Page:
Apply fertilizer in the spring, but not when the plant is dormant. Give plants a low-nitrogen, high-phosphate fertilizer like 3-12-12 or 4-8-12 when they have finished blooming for the season.
Daylilies can grow in either alkaline or acidic soils, but they prefer a pH of 6.0 to 6.5. Lower the pH of alkaline soil by incorporating peat moss when you are setting out your daylilies for the first time. If you skip this step, you can acidify the soil by applying sulfur, but you will need to do this about every other year. Raise low pH by adding lime, preferably in the form of calcium carbonate pellets.
Mulching conserves moisture and stops weed growth. As mulch slowly decays, it fertilizes the soil. Choose mulches on the basis of cost, availability, and appearance. Bagasse (chopped sugar cane stalks), shredded leaves, pine straw, and hay are all acceptable mulches.
Keep mulch a few inches (about 5 cm) away from the crowns of your daylily plants during the growing season to prevent water accumulation and rot.
The best way to remove weeds is to pull them out and dispose of them in the compost heap. Mulching all prevents weed growth, as does cutting back on the water in the summer.
FAQs about daylilies
Should daylilies be planted in groups?
Daylilies always look better planted in groups, all of the same color. Just imagine mass plantings of orange daylilies, or shades of purple (dark purple, pale purple, deep purple). How about a mass of yellow flowers from a cluster of Stella D’Oro? However, individual plants can be used in odd corners and edges of the garden for contrast or a splash of color. A lily garden is beautiful no matter how you mix the lilies.
Do daylilies like sun or shade?
Daylilies thrive in full sun. The more sun, the better. Do not try to grow daylilies in locations that do not get at least six hours of sun every day. Dappled shade in the afternoon is OK.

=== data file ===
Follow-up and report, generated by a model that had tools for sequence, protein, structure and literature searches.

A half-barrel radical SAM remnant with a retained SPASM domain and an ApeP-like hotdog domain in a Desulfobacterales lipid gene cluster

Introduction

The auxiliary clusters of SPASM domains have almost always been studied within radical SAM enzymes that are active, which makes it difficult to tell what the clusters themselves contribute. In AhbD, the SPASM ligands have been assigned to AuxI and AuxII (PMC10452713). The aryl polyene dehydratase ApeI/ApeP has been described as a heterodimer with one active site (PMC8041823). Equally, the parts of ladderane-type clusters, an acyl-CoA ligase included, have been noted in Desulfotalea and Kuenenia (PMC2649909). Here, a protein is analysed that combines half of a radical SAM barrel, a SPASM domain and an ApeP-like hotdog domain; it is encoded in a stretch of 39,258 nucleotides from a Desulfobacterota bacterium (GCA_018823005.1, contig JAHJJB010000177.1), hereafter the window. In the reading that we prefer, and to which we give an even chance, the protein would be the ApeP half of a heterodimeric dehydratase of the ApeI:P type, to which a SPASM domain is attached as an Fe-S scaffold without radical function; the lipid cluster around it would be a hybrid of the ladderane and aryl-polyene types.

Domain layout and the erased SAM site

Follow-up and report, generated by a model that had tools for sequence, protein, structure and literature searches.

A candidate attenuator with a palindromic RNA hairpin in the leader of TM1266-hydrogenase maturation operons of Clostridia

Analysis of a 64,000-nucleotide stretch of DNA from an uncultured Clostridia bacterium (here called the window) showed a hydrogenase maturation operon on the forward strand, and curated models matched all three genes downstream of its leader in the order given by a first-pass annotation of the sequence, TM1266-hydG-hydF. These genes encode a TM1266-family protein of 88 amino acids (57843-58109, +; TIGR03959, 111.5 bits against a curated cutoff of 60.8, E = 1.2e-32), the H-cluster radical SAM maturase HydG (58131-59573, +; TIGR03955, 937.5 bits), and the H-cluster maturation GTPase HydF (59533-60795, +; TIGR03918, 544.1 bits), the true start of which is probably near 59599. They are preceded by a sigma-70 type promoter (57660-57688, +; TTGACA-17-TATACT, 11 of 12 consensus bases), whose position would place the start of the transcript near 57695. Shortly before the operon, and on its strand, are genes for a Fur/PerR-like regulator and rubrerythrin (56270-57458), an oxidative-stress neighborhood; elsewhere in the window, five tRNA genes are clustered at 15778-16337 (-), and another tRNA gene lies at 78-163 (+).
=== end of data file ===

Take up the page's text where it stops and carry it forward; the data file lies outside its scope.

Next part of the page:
What’s the best type of soil for daylilies?
Daylilies need good drainage. Lightening clay soils with peat moss helps adjust pH. Don’t add sand to heavy clay: the result can be cement!
How often should I water daylilies?
Water daylilies when the soil 2 or 3 inches (5 to 8 cm) below the surface is dry. Give them a deep watering, moistening the soil down to a depth of 8 to 10 inches (20 to 25 cm), and then let the top layer of the soil dry out.
Do daylilies need fertilizer?
Giving daylilies too much nitrogen makes them spindly, and reduces flower production. Use slow-release nitrogen in the spring, and then give your daylilies phosphorus at the end of the growing season.
Should I prune and deadhead daylilies?
Grooming your daylilies is not strictly required, since spent blossoms will fall off the plant in two or three days. However, there is nothing wrong with removing dead flowers every day. Remove seed pods at the end of the season so the plant can direct all of its energies into getting ready for the next blooming season.
Adriana Copaceanu is a passionate nature lover living in the country on her dream property where she grows vegetables, lavender, and wildflowers that she shares with the wildlife they attract. When she's not in the garden, she loves spending time with her chickens and planning her next nature project. Check your her books below: